Weekend Welcome from Kentucky Performance Products
Is your horse drinking enough water during the winter months? KPP shares some tips for keeping your horse hydrated year-round.
From the Kentucky Performance Products Tips & Topics Blog:
Horses need to drink a minimum of 10 to 12 gallons of water a day to stay healthy, no matter what time of year it is. Their requirements increase if they are ridden.
Dehydration can be as much of a problem in the winter as it is in the summer. Winter diets tend to contain less moisture, as fresh grass is replaced by dry hay and colder drinking water temperatures decrease overall water consumption. Horses that work in the winter continue to sweat, although it may not be as apparent because sweat evaporates quicker in the dry winter air. Many riders cut back or stop using electrolytes when the cold weather sets in, so their horse’s thirst response is not stimulated as much. Inadequate water intake can lead to impaction colic or worse.
There are 3 easy ways to ensure your horse is getting enough water in the winter.
First, provide moist feed when possible. Soak hay in room temperature water (as long as your hay doesn’t turn into haycicles before it is consumed). Add warm water and a couple of chopped carrots/apples to your horse’s regular grain meal, or introduce a super fiber such as beet pulp and soak it in warm water before feeding. Resist the temptation to feed the occasional wheat bran mash as it causes more harm than good.
Second, don’t allow your horse’s drinking water to get too cold. Research has shown that horses drink less when the water temperatures drop below 45°F. The ideal temperature for drinking water is between 45°F and 65°F. In one study, ponies offered hot water (close to 90°F) drank 40% more water than those offered cooler water. While most horses do fine with room temperature water, it might be worthwhile to offer warmer water to horses that are older, are drinking less than normal amounts, or those with a history of impaction.
Third, be sure your horse is consuming adequate levels of salt. Salt stimulates the thirst response and helps keep horses drinking. At rest, a horse should be eating about 2 oz of salt per day. In most cases this requirement can be met by providing free-choice access to a plain white salt block. If your horse continues to work during the winter, supplement with a well-balanced electrolyte.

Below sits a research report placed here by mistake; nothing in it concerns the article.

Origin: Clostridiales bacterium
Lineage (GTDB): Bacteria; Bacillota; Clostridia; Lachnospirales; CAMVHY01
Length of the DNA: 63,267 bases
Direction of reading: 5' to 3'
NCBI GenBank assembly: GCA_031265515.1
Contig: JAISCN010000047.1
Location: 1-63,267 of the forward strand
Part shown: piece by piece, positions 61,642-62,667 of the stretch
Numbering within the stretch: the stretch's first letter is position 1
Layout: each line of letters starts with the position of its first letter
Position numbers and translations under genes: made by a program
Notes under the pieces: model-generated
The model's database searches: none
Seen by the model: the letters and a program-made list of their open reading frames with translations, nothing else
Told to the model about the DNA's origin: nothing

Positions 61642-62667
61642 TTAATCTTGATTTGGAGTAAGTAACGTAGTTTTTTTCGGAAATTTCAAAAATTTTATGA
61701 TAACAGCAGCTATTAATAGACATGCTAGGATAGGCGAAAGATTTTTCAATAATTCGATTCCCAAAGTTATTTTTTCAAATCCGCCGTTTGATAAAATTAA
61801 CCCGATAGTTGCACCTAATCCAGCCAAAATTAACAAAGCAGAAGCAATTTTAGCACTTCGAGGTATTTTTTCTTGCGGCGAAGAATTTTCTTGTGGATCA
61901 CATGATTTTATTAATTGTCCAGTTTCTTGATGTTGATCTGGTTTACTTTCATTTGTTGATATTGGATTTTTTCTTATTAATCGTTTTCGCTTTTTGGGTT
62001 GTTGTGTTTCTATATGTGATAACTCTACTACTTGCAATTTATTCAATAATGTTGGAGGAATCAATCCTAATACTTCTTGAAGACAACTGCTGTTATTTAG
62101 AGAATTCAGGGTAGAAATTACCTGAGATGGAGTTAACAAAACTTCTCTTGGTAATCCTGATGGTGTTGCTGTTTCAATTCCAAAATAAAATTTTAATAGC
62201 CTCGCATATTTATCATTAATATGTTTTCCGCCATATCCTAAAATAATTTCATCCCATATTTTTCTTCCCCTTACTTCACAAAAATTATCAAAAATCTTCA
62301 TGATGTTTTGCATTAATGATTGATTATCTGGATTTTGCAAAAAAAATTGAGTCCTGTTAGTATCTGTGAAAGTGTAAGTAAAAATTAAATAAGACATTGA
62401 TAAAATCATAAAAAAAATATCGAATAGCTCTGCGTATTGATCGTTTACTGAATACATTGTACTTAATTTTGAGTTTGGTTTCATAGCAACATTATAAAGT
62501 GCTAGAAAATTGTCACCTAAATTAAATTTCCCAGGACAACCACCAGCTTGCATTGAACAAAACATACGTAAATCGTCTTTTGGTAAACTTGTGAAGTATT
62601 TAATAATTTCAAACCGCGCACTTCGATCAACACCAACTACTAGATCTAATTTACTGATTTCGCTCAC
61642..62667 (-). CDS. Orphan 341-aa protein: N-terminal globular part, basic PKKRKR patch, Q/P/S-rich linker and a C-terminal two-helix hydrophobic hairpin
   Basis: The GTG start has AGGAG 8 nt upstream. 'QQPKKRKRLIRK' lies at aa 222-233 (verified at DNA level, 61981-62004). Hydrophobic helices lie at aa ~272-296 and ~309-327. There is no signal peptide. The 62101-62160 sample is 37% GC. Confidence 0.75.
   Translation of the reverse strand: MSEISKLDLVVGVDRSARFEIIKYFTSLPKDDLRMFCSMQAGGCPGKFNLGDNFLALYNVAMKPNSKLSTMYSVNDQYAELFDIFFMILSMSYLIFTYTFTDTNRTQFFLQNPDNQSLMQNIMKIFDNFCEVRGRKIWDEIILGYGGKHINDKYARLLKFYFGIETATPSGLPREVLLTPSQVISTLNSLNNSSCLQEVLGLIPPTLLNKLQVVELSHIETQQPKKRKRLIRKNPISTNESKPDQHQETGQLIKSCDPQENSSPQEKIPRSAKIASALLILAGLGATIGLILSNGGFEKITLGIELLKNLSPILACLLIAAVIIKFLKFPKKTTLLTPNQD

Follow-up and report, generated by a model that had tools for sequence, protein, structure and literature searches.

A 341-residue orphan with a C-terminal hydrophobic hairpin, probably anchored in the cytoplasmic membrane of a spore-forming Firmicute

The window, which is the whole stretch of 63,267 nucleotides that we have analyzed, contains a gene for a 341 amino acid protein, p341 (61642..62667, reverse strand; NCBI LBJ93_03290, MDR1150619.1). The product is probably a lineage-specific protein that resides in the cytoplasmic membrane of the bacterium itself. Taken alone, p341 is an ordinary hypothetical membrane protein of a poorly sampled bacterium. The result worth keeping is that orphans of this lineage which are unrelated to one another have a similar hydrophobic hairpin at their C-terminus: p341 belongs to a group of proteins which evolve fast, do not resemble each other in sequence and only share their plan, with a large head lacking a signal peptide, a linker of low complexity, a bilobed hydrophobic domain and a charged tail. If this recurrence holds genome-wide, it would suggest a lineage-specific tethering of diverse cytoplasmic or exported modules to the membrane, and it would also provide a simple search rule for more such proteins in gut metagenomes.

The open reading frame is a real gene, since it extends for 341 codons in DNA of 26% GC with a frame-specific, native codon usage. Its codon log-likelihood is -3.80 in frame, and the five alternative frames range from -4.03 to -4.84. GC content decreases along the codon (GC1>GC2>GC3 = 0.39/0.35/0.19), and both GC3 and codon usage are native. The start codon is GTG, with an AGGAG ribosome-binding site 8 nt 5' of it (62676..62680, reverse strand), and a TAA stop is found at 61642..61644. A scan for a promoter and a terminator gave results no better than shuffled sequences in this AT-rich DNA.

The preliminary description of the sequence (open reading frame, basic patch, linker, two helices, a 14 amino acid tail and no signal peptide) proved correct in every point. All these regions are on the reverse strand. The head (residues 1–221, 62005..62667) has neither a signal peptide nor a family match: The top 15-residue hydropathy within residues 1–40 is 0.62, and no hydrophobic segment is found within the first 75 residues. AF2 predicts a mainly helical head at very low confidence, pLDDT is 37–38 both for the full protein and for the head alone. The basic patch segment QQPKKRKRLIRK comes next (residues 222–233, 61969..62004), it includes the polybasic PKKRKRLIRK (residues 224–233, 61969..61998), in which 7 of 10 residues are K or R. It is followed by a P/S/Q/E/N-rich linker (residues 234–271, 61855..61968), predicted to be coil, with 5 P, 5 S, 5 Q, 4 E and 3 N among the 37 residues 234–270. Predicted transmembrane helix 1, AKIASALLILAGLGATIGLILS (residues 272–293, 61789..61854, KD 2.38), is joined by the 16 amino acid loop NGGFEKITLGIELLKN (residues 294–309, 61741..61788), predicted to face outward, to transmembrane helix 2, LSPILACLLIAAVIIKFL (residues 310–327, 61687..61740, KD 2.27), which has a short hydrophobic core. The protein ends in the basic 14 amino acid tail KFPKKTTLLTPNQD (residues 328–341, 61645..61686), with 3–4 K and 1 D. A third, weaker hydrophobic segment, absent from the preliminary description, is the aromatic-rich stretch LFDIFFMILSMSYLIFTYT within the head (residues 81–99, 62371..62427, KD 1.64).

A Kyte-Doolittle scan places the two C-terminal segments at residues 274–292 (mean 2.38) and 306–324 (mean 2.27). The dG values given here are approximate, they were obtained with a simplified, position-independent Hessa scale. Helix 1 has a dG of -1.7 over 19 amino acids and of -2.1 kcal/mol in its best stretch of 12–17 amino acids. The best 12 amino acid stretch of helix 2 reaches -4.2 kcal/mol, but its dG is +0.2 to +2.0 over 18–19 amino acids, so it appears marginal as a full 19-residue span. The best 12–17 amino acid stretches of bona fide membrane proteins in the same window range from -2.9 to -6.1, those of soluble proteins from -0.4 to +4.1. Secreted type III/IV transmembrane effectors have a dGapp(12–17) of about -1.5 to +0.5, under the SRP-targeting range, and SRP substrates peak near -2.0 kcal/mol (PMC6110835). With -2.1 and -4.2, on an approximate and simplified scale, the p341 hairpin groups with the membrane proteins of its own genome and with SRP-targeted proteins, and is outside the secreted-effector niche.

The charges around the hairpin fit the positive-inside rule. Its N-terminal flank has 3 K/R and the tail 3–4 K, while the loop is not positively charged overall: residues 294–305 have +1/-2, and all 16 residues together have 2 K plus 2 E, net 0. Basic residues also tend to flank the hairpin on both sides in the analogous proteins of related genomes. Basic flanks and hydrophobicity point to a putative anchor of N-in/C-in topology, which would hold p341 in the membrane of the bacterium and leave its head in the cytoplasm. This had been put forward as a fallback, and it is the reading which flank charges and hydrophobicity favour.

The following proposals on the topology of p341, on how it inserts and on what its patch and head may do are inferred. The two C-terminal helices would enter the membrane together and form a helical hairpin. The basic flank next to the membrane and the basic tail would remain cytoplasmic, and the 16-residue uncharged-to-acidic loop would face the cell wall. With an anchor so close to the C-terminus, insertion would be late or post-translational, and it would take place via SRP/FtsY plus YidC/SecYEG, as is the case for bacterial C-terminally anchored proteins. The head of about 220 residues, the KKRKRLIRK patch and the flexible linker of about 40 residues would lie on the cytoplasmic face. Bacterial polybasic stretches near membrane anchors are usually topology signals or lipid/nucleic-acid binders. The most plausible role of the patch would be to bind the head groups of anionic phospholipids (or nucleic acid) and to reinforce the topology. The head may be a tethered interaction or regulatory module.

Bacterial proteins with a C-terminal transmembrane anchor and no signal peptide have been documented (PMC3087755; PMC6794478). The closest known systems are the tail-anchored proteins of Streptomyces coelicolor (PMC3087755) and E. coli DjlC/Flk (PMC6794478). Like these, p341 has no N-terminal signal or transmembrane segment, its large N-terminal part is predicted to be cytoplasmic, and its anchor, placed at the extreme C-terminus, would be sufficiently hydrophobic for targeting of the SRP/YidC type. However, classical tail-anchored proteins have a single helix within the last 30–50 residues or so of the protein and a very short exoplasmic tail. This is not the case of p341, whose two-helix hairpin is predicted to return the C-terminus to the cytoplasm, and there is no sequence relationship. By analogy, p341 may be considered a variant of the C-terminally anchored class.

Article written by KPP staff.
Copyright (C) 2014 Kentucky Performance Products, LLC. All rights reserved.
Article sponsored by Summer Games Electrolyte, a balanced, concentrated source of electrolytes and trace minerals, the perfect all-purpose electrolyte for horses of all ages, regardless of lifestyle, and by Summer Games Plus, an electrolyte paste with Neigh-Lox for horses on the go; supports normal hydration and mineral balance plus a comfortable tummy.
When health issues arise, always seek the advice of a licensed veterinarian who can help you choose the correct course of action for your horse. Supplements are intended to maintain healthy systems and support recovery and healing. They are not intended to treat or cure illness or injury.
About Kentucky Performance Products, LLC:
Since 1998, Kentucky Performance Products has simplified a horse owner’s search for research-proven nutritional horse supplements that meet the challenges facing modern horses. KPP horse supplements target specific nutritional needs and are formulated to complement today’s feeds, thus safeguarding against over-supplementation. Each product is scientifically formulated and made with high-quality ingredients at certified manufacturing facilities. Kentucky Performance Products is proud to offer a quality assurance promise backed by a money-back guarantee. Kentucky Performance Products brings you horse supplements you can count on because the horse that matters to you, matters to us.
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